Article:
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faculty: "FEB" and publication year: "2011"
| Authors||R.M.W.J. Beetsma, A. Bucciol|
|Title||Differentiating indexation in Dutch pension funds [revised version]|
|Title series||Netspar discussion paper|
|Series number||DP 12/2010-080|
|Faculty||Faculty of Economics and Business|
|Institute/dept.||FEB: Amsterdam School of Economics Research Institute (ASE-RI)|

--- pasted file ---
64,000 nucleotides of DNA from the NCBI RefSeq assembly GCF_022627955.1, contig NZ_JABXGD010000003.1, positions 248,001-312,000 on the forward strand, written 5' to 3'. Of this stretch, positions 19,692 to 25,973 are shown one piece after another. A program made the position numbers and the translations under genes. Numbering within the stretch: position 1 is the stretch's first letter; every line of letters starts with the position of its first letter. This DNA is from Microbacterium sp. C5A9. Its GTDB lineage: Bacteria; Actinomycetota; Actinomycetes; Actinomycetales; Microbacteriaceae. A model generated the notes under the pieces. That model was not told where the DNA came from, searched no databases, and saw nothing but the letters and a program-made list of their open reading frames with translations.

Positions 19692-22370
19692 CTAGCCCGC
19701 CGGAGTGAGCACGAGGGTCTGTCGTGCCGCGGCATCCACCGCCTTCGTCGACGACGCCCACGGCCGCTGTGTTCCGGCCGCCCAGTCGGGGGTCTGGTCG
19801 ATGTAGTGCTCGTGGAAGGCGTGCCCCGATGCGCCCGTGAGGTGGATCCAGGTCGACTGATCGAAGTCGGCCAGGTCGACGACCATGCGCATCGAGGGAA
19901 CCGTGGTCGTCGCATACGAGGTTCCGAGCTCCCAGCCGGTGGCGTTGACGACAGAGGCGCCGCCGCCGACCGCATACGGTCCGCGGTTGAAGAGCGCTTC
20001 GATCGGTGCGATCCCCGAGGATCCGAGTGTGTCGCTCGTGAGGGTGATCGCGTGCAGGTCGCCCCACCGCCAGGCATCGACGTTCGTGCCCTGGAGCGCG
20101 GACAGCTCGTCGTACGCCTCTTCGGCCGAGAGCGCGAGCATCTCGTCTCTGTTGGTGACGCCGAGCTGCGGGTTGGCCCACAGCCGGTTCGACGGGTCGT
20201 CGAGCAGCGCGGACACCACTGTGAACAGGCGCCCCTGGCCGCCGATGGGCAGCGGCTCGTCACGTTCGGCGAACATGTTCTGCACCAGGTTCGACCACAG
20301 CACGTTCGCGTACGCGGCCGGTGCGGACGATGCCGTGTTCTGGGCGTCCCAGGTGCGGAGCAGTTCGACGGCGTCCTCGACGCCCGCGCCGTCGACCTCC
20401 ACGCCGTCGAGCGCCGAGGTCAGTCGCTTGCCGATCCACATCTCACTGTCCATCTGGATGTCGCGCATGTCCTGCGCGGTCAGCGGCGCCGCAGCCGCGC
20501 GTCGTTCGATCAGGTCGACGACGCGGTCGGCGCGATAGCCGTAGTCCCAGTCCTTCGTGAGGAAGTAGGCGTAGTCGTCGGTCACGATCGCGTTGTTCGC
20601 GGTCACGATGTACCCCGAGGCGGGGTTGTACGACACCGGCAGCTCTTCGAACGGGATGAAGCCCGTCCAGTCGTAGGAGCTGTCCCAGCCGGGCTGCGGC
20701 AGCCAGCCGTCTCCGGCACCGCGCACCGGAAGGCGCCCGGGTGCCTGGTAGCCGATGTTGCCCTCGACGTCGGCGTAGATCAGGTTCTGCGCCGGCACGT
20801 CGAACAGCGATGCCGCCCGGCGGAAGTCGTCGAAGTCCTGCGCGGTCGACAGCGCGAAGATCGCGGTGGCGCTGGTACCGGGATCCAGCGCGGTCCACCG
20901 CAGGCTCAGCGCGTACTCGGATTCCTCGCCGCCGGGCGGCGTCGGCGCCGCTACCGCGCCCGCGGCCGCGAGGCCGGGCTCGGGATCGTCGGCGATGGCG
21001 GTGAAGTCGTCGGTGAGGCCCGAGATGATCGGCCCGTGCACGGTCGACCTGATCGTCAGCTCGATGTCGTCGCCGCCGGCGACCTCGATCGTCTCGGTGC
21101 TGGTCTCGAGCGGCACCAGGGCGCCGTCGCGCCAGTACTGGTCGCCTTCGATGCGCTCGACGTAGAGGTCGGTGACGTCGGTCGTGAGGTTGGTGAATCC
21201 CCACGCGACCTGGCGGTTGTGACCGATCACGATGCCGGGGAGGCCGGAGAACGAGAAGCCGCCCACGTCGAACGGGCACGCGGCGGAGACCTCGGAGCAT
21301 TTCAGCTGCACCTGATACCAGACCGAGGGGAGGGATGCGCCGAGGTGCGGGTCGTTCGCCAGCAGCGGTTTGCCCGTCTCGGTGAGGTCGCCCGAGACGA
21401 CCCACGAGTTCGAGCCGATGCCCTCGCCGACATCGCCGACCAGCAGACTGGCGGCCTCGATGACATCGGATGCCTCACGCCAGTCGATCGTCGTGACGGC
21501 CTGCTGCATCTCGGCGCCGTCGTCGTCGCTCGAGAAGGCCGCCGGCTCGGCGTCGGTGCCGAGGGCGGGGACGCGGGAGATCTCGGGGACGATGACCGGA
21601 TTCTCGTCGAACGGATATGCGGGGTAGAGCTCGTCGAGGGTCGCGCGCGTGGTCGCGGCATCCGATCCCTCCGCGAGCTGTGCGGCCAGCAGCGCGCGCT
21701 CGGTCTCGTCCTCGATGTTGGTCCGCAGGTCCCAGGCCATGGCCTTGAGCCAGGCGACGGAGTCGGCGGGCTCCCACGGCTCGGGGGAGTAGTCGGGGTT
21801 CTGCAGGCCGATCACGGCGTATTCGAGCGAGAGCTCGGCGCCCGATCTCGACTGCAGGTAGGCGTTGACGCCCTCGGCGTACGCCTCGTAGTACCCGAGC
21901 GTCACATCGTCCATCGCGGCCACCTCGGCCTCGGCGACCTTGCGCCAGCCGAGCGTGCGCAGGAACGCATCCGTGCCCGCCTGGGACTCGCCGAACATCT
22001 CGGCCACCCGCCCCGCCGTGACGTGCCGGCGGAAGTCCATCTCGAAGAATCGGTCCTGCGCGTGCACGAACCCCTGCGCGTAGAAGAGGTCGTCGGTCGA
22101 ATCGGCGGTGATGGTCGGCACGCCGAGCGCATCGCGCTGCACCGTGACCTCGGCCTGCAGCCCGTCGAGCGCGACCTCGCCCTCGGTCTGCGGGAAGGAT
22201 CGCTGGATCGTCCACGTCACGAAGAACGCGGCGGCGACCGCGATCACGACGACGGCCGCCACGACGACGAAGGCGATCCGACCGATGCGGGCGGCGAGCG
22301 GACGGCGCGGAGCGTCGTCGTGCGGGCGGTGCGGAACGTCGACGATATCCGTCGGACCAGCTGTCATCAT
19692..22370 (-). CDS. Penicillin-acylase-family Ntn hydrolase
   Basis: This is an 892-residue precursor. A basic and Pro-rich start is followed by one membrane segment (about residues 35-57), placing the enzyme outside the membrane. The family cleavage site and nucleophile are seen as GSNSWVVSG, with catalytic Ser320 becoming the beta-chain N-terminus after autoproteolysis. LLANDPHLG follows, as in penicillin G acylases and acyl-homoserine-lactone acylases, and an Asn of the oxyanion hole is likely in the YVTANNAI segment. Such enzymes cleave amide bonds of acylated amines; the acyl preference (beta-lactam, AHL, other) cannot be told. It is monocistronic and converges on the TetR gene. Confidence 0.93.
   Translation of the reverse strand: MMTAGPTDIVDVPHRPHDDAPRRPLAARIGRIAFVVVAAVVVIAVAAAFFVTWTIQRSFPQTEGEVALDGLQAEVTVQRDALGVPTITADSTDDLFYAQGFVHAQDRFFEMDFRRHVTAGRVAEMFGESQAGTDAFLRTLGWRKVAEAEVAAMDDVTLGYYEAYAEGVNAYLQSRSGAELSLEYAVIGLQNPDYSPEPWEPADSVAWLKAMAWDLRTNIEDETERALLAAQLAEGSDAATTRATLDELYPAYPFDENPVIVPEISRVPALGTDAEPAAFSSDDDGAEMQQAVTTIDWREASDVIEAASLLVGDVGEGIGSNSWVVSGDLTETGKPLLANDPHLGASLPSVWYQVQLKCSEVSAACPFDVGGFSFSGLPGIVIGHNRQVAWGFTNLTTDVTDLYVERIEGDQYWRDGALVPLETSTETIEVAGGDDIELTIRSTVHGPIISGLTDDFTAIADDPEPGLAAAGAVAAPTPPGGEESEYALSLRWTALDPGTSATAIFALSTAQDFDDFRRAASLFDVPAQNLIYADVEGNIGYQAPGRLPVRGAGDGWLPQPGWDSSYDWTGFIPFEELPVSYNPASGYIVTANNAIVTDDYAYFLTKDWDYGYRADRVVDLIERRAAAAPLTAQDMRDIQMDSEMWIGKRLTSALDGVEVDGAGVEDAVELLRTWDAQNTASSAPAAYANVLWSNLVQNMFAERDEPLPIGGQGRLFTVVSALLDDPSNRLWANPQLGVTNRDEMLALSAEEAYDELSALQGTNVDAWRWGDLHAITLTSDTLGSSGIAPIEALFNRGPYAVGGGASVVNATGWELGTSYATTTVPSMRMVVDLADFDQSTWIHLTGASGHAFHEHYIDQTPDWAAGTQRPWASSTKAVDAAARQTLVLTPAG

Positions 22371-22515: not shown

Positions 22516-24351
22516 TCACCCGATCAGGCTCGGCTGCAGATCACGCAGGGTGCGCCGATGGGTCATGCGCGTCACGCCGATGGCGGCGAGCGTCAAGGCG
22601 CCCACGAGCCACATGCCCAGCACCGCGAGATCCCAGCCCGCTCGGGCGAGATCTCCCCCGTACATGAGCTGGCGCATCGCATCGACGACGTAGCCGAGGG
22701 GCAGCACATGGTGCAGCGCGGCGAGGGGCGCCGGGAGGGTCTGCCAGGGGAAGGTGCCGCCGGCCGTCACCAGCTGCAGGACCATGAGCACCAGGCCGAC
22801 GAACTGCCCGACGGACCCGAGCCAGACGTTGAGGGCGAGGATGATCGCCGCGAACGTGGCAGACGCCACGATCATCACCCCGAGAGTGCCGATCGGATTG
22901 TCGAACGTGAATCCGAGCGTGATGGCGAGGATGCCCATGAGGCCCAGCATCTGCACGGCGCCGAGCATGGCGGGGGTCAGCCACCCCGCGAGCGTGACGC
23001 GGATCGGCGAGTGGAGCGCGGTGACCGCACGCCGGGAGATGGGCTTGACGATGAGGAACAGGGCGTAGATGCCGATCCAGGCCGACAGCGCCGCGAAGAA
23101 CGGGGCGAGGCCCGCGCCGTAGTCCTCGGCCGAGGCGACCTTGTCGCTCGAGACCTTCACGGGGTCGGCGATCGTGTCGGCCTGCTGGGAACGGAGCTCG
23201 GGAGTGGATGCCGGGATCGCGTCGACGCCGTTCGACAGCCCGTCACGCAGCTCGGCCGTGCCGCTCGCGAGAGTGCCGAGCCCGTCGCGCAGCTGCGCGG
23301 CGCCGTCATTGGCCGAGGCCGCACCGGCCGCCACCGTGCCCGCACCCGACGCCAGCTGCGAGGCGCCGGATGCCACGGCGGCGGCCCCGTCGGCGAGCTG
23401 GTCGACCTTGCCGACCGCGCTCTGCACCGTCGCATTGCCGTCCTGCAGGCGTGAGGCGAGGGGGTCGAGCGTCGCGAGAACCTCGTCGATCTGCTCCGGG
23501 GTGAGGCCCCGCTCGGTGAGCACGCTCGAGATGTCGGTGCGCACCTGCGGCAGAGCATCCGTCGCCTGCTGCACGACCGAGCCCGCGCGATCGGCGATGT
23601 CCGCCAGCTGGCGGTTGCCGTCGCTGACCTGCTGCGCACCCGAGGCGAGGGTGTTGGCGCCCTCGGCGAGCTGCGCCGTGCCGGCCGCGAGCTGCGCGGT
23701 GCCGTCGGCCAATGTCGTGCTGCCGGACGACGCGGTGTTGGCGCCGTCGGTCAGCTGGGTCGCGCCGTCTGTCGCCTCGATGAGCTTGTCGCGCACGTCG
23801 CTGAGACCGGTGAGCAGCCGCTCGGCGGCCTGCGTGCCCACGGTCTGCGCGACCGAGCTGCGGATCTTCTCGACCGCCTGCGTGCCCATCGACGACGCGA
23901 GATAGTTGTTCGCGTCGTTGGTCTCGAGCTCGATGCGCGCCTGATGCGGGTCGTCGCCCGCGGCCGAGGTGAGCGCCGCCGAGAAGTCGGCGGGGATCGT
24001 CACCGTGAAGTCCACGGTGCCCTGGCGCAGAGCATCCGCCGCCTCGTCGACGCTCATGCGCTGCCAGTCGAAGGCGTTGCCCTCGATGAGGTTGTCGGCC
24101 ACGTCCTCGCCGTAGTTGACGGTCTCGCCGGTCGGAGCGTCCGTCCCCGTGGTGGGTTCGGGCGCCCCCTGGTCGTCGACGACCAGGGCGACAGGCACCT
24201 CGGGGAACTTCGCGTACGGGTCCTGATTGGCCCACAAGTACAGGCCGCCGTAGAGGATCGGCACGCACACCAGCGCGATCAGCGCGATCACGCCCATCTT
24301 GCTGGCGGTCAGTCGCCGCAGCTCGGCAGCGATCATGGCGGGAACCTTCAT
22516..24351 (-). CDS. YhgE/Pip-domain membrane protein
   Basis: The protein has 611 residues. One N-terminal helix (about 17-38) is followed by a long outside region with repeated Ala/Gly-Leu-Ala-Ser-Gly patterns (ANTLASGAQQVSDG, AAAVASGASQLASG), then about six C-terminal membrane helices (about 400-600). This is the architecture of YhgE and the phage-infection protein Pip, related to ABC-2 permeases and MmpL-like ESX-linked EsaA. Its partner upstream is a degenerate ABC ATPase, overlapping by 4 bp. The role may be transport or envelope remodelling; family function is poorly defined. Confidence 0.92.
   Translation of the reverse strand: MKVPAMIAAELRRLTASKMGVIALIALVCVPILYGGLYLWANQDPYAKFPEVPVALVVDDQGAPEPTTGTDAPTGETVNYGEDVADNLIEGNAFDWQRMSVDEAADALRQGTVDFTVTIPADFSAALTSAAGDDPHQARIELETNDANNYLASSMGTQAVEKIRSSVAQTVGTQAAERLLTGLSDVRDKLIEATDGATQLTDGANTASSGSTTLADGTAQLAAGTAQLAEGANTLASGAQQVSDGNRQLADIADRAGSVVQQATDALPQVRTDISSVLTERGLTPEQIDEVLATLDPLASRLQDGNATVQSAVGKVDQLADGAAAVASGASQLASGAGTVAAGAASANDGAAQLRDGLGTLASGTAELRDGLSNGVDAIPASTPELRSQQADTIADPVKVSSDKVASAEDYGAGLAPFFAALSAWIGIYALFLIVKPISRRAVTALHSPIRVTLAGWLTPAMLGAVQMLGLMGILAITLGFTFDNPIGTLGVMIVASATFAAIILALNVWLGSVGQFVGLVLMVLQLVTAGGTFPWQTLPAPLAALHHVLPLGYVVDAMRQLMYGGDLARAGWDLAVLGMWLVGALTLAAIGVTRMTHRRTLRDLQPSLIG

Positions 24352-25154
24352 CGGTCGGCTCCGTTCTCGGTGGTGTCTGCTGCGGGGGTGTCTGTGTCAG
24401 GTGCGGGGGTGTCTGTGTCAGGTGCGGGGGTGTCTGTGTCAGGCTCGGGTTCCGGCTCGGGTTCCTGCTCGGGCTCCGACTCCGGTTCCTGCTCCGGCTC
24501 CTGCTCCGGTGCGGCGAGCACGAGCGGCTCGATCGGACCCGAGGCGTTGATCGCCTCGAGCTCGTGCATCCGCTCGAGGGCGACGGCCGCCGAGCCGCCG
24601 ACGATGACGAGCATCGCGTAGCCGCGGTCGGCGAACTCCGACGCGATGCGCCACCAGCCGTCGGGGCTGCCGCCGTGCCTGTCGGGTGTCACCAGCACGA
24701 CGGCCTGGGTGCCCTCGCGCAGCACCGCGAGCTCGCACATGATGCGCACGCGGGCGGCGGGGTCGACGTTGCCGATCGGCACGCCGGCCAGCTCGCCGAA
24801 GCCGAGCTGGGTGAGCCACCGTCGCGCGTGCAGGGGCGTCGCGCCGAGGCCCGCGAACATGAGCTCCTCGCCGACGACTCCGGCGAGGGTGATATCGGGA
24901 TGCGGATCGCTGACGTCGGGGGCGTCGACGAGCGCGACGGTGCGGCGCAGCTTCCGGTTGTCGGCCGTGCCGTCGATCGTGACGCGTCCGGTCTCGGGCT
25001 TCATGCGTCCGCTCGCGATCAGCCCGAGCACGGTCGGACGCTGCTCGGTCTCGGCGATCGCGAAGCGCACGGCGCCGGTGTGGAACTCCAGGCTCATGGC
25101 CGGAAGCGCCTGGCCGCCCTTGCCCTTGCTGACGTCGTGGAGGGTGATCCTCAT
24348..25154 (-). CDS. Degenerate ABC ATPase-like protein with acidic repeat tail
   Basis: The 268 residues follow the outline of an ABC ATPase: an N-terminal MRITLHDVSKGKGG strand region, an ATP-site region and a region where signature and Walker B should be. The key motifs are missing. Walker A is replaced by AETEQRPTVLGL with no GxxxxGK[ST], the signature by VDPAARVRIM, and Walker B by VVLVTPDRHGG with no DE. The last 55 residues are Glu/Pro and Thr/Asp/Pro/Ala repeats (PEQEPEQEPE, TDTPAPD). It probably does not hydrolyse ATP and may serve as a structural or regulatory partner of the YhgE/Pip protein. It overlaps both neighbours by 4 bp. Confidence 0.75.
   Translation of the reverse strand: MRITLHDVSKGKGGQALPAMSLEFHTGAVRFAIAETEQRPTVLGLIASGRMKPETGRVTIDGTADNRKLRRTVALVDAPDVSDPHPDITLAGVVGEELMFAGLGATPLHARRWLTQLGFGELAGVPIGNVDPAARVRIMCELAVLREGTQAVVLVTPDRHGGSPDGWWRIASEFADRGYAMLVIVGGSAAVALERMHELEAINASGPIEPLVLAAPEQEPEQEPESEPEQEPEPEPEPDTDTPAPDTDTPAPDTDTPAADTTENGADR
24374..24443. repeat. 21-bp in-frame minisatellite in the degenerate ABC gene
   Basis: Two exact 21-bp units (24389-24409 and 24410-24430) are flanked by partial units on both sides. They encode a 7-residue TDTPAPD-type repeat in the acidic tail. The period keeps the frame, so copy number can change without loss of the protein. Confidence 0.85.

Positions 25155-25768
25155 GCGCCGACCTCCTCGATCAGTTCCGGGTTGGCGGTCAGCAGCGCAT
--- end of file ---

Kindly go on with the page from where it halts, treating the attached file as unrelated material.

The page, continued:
|Abstract||Funded social security programs are particularly vulnerable to economic and financial market shocks. As a consequence of the recent crisis, a large fraction of the Dutch pension funds had to submit restoration plans for the recovery of their buffers. Such plans will have to rely primarily on a mix of reduced benefit indexation and increased pension contributions. Hence, a discussion has emerged whether indexation should be differentiated across the various groups of participants in a pension fund. We investigate this issue numerically, developing an applied many-generation small open-economy OLG model with heterogeneous agents. The pension system consists of a first-pillar PAYG component and a second pillar with a pension fund. In our stochastic simulations, we hit the economy with a variety of unexpected demographic, economic and financial shocks. We compare uniform indexation of pension rights across all fund participants with alternatives such as status-contingent indexation in which pensions are protected against price inflation. While the aggregate welfare consequences are small, group-specific consequences are more substantial with the workers and future born losing and retirees benefitting from a shift away from uniform indexation. The exception is a scheme which links indexation directly to the fund’s asset performance. Under this scheme the retired benefit without other groups losing. The welfare effects are primarily the result of systematic welfare redistributions rather than of shifts in the benefits of risk sharing. Contribution rates always have to rise substantially from their initial levels to maintain the system’s sustainability. An increase in the retirement age that leaves existing pension rights untouched does little to avoid this rise with its adverse labour market consequences.|
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